How many ages hence shall this, our lofty scene, be acted in states unknown and accents yet unborn!
– Cassius, Julius Caesar, Act 3, Scene 1
Never spoke a truer word, that man with the lean and hungry look. Cassius, Brutus and the rest of the conspirators are dipping their hands in the blood of the man they have just assassinated, and action that will unleash civil war. In Gregory Doran’s production of Julius Caesar for the Royal Shakespeare Company which we saw in Stratford last week, the repetitious nature of dictatorship and civil war is reinforced by having the play set somewhere in modern Africa. But it could as easily have been the post-Spring Arab world or just about anywhere else on the planet.
But there is another sense in which those words from Cassius resonate here: this is a production in which the entire cast are black British actors who speak Shakespeare’s poetry in vibrant African accents. In an article for the programme, Richard Dowden, Director of the Royal African Society, points out that, not only is Shakespeare taught in most schools in English-speaking Africa, but Africans also respond effortlessly to the rhythms of Shakespeare’s language and the relevance of the drama of Julius Caesar.
For director Gregory Doran, one of the inspirations behind setting Julius Caesar in Africa was learning of the copy of The Complete Works of William Shakespeare that made its way on to Robben Island and which was passed between anti-apartheid prisoners during the 1970’s, all of whom treasured the book, each highlighting passages and quotes that they found meaningful and profound. On December 16 1977 Nelson Mandela chose to autograph these lines from Julius Caesar:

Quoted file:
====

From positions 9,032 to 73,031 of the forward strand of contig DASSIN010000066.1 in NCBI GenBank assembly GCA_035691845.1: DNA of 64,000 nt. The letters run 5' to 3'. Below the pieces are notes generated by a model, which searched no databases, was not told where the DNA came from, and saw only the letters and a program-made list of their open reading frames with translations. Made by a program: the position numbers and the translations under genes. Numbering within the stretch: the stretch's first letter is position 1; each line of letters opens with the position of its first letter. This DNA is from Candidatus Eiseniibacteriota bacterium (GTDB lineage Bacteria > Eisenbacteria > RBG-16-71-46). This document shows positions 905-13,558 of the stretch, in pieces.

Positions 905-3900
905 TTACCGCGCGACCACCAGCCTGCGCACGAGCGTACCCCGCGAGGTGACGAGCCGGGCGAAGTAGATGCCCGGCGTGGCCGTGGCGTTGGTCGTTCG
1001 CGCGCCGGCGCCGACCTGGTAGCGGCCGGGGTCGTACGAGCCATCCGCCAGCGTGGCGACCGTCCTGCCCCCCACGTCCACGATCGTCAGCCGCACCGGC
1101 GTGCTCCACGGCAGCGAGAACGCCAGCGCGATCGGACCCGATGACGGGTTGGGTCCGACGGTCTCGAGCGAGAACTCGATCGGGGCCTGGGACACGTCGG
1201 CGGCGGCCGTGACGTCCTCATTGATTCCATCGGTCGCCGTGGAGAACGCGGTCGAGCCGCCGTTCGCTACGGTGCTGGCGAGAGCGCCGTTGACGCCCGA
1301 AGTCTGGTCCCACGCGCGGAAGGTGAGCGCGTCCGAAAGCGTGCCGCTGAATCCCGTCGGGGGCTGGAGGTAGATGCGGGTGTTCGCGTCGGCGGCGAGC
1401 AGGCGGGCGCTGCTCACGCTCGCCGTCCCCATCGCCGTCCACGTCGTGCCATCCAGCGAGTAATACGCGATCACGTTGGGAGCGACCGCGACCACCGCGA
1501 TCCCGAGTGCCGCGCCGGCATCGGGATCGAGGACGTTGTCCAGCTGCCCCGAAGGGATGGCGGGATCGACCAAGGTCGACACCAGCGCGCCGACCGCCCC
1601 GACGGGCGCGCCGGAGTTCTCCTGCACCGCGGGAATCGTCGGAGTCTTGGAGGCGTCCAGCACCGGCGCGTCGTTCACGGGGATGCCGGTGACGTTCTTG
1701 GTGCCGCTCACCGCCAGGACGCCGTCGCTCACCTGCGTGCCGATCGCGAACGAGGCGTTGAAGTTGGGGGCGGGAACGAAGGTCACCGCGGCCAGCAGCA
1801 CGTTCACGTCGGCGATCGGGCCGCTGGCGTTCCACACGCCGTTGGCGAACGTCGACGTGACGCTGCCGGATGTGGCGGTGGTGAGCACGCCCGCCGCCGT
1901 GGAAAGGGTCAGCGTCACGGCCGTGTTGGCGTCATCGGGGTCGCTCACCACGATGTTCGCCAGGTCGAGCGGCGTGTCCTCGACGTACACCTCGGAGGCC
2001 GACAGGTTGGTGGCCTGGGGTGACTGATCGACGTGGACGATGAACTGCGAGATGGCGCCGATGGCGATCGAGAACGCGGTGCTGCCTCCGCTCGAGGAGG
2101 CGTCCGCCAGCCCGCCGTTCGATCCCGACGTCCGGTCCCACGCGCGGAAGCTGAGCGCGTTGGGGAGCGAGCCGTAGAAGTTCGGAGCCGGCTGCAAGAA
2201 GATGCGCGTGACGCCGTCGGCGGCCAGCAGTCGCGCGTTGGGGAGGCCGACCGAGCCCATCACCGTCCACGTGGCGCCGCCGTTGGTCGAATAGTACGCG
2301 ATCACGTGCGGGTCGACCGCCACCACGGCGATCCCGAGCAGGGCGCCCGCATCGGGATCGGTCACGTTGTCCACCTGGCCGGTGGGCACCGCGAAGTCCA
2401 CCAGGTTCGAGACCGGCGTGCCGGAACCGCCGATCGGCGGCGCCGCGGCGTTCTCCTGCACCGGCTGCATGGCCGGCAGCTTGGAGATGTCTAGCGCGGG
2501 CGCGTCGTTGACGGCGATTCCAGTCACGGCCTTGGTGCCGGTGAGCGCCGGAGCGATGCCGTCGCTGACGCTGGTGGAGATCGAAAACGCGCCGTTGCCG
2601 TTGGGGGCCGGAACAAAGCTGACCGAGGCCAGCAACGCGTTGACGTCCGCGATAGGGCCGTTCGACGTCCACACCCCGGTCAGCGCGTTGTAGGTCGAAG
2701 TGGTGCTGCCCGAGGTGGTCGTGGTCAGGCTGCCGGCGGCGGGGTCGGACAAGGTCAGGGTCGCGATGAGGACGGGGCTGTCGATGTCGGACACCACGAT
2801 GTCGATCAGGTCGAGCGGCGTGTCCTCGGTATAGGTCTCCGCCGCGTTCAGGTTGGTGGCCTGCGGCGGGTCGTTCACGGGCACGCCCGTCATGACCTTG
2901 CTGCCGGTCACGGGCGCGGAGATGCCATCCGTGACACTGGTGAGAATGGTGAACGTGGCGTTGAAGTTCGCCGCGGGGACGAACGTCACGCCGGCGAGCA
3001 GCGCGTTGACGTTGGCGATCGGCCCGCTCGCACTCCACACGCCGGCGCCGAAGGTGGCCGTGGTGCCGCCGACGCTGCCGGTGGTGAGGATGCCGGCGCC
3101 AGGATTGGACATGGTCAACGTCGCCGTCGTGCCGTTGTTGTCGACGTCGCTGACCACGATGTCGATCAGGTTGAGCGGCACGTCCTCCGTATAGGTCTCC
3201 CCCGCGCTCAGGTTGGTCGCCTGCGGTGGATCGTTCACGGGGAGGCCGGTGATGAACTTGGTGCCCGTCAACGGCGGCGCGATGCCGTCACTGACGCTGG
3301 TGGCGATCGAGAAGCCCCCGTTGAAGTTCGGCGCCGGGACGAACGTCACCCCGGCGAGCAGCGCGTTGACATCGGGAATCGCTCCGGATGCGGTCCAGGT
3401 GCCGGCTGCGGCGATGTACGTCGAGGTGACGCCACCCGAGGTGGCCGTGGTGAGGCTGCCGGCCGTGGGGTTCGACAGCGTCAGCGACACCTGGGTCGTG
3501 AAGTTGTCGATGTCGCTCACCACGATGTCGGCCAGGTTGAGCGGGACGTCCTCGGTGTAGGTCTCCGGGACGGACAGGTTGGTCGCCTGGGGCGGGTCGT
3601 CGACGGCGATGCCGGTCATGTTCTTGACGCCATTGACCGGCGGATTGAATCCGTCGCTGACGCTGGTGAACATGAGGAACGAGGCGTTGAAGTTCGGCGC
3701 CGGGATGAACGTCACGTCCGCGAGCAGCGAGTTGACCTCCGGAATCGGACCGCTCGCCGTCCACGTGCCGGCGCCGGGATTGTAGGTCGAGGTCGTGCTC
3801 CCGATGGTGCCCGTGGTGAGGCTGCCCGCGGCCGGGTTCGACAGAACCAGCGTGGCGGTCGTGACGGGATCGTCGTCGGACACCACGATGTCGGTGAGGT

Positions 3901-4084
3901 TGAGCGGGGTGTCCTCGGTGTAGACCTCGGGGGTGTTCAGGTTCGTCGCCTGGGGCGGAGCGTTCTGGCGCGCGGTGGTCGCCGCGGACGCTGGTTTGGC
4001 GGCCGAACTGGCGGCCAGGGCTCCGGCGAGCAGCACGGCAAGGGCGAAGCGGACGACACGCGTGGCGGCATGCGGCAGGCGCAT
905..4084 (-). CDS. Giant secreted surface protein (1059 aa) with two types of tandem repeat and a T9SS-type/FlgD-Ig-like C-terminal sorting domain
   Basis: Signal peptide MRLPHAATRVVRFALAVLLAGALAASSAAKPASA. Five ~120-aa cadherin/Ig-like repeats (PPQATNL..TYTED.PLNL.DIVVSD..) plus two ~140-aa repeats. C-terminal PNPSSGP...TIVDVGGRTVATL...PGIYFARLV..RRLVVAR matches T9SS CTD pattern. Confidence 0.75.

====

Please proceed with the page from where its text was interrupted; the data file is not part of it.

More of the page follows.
Cowards die many times before their deaths;
The valiant never taste of death but once.
Of all the wonders that I yet have heard.
It seems to me most strange that men should fear;
Seeing that death, a necessary end,
Will come when it will come.
Africa has no monopoly on dictators – you only have to ponder this image of four deposed leaders – Zine al-Abidine Ben Ali of Tunisia, Ali Abdullah Saleh (Yemen), Libya’s Colonel Gadaffi, and Hosni Mubarak (Egypt) – to understand that this play could easily be staged in the Arab world. Indeed, in the scene that follows Caesar’s assassination which reveals – through Mark Antony’s ironic evisceration of the conspirators (‘are they not honourable men?’) and his revelation of Caesar’s will – that the murder, rather than saving the republic, has set fire to it, I thought of another place and time, and another fearful and factionalised leadership faced with an inconvenient last will and testament:
You are not wood, you are not stones, but men;
And, being men, bearing the will of Caesar,
It will inflame you, it will make you mad:
‘Tis good you know not that you are his heirs;
For, if you should, O, what would come of it!
In Gregory Doran’s production, as the audience take their seats, the stage is filled with a colourful, noisy and frenzied crowd, yell and sway as musicians playing afrobeat rhythms whip up the excitement. The set design simultaneously suggests a Roman amphitheatre and crumbling post-independence African architecture, a looming bronze statue of Caesar emphasising the dictatorial threat.